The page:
He tells the stories of the privateers who sailed out of the bay in the name of the colonies’ struggle against England, some to become pirates after the Revolution, whereupon “Island Beach became known as one of the most dreaded spots on the Atlantic Seaboard.”

The account of the original inhabitants, the Leni Lenape — the name actually means “original man” — reveals that they originally found their way here from Ohio, and many of them returned there after these shores started filling up.

The newcomers were Swedish and Dutch and English and German. They were an independent lot for the most part, and Mountford doesn’t seem surprised that many of them, as law and order became established, became bandits, rebels and freebooters.

Others engaged in making profits from the resources of the woods and marshes, using the impervious white cedar for boats, harvesting eelgrass and salt hay, mining the bogs for soft iron, making glass out of the everywhere sand, as well as clamming and fishing and hunting.

In short, a thriving community, more or less at one with nature and relatively unchanged over almost 200 years. A simple life, perhaps a good life, not a terribly difficult life, but, as Mountford observes, “amusement was hard to come by; there was little to do in south Jersey other than drink and ...”

And here he quotes from entries made in the records by a clerk at Martha’s Furnace, an iron works on the Wading River:

“Wm. Mick’s widow arrived here in pursuit of J. Mick who she says has knocked her up.

“James McGilligan made a violent attempt on the chastity of Miss Durky Trusty, ye African.

“James McEntire brought his daughter home from the Half Moon for fear her morals would be corrupted.”
And, “McEntire himself was sick after his election day frolic.”

According to the clerk, drink was a persistent problem in the pines, observing in one note “William Rose and his father both drunk and lying on the crossway. The old woman at home drunk.”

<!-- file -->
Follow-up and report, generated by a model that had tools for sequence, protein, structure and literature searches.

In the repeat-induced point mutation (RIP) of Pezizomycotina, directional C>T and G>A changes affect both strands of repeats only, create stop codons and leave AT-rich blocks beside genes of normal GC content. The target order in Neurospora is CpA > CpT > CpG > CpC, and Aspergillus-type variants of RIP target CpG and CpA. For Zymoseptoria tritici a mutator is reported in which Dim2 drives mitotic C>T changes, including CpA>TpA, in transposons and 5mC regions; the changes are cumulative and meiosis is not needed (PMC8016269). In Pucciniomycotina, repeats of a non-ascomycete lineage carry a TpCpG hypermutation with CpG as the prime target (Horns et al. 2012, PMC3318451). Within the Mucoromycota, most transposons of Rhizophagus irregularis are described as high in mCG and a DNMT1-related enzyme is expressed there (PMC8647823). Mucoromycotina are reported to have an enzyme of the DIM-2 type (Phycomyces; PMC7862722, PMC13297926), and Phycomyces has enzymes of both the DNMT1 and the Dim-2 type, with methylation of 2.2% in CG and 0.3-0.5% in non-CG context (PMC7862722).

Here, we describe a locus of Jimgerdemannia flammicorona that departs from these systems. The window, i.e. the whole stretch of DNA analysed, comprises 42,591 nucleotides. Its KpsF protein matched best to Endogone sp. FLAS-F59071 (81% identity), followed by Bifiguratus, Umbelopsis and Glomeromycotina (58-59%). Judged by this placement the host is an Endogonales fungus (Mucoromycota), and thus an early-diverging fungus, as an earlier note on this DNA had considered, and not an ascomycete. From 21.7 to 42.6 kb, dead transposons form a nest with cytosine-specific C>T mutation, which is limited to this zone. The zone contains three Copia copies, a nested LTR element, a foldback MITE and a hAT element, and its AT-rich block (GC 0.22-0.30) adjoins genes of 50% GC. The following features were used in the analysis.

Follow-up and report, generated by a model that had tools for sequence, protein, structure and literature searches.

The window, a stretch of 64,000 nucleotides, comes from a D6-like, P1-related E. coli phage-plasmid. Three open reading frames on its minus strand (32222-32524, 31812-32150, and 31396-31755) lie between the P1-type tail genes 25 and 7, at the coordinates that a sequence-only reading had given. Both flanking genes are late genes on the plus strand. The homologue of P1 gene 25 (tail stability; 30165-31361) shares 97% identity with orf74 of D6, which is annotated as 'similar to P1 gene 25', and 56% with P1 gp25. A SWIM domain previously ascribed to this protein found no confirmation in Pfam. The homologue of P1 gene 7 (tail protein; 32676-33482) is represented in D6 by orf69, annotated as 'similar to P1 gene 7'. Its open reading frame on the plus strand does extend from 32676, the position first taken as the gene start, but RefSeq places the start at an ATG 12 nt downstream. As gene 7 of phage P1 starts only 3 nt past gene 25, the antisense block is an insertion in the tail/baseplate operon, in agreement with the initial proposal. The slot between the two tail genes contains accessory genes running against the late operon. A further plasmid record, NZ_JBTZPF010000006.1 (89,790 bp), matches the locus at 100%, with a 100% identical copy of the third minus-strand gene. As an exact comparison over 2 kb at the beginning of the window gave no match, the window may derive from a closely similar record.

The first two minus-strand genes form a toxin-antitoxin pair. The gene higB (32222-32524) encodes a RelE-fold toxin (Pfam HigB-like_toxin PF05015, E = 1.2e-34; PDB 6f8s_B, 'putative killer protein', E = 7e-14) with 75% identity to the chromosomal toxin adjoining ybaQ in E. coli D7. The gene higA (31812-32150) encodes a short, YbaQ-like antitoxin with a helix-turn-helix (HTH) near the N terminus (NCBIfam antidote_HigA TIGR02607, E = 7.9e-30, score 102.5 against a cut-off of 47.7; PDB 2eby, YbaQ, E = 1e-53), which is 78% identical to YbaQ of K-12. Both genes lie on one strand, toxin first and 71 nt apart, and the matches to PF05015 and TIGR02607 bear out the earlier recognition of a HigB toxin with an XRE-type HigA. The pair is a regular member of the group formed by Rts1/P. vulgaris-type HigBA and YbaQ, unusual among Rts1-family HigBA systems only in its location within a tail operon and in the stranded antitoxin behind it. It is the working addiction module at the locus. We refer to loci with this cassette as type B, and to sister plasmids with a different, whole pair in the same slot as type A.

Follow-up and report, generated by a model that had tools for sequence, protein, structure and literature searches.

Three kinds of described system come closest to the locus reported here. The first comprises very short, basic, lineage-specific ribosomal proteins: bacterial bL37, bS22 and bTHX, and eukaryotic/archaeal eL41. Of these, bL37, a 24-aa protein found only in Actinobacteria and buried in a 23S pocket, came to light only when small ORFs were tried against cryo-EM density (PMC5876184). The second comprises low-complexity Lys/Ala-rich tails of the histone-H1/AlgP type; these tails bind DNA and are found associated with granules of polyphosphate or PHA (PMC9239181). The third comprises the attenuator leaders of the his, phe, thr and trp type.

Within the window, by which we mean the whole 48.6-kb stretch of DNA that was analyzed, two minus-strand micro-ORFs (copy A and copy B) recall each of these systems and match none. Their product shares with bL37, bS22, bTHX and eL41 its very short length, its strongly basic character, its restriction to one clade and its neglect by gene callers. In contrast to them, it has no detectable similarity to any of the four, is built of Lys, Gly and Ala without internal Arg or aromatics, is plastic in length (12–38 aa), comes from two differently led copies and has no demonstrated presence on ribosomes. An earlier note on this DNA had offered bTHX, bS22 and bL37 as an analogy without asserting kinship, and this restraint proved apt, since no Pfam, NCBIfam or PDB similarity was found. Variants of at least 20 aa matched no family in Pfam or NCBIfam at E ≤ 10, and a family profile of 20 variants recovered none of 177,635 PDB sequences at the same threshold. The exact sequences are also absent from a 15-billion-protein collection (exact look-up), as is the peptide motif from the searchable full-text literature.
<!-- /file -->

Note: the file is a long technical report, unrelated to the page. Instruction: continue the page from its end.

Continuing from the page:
But there were amusements, though doubtlessly then, as now, most of them involved drink. One big celebration was known as Salt Water Day, or Big Sea Day, or Beach Day, or Farmer’s Wash Day, or Sheep Washing Day.
Farmers would come from miles around in mid-August, usually for more than a day, just to party. They’d bring wagons, like campers, with food and cots and, of course, drink — mostly home-brewed. In those days, too, livestock was grazed on the shore, so every area seemed to have its own designation for the day.

Mountford’s account of life at the shore includes the early days of whaling from the beach, where the famous cry, “Blows! She blows! Thar she blows!” was reduced to a no-nonsense “Whales off!”

There’s no whaling anymore, but other bounty from the waters continue, though you probably won’t hear modern clammers singing, “Dear boys, ain’t you glad you never fished/ Never dugged for them clams?”

And there was the sea’s other bounty, as reflected in this prayer: “God bless Mam, Pap, and all us poor miserable sinners, and send a ship ashore afore mornin’.”

The so-called mooncussers were said to lure ships onto the shoals for easy pickings, a reputation that was not only untrue but slandered the men who risked their lives to save those the storms would claim. The example of the wrecks and “those pitiable people” inspired local resident William Newell to devise lifesaving procedures which led to the lifesaving service, which led to the Coast Guard.

Eventually came what Mountford calls “Opening the Shore,” the time when the beauty and serenity of the place were discovered, when roads and rails pointed people this way and the bay began a process that brought it into such a perilous state that its recent inclusion in the National Estuary Program is probably the last chance to save it.

The author’s account ends with the successful story of Old Barney’s struggle to survive the times and tides, and the hapless lighthouse on Tucker’s Island to not. Perhaps it is too easy to find a metaphor in this pair of symbols, but as the shore begins to groan under the weight of those who love it, maybe we should make it one.

Closed Sea is the latest offering from Down The Shore Publishing, which is doing a remarkable job not only of finding and bringing to light tales and chronicles of the Jersey Shore, but also of encouraging and promoting new works, fictional, documentary and children’s. You won’t find John Grisham or Belva Plain on its book list. But for beach reading you can look up from and see the setting right there, it’s rapidly becoming the house of record.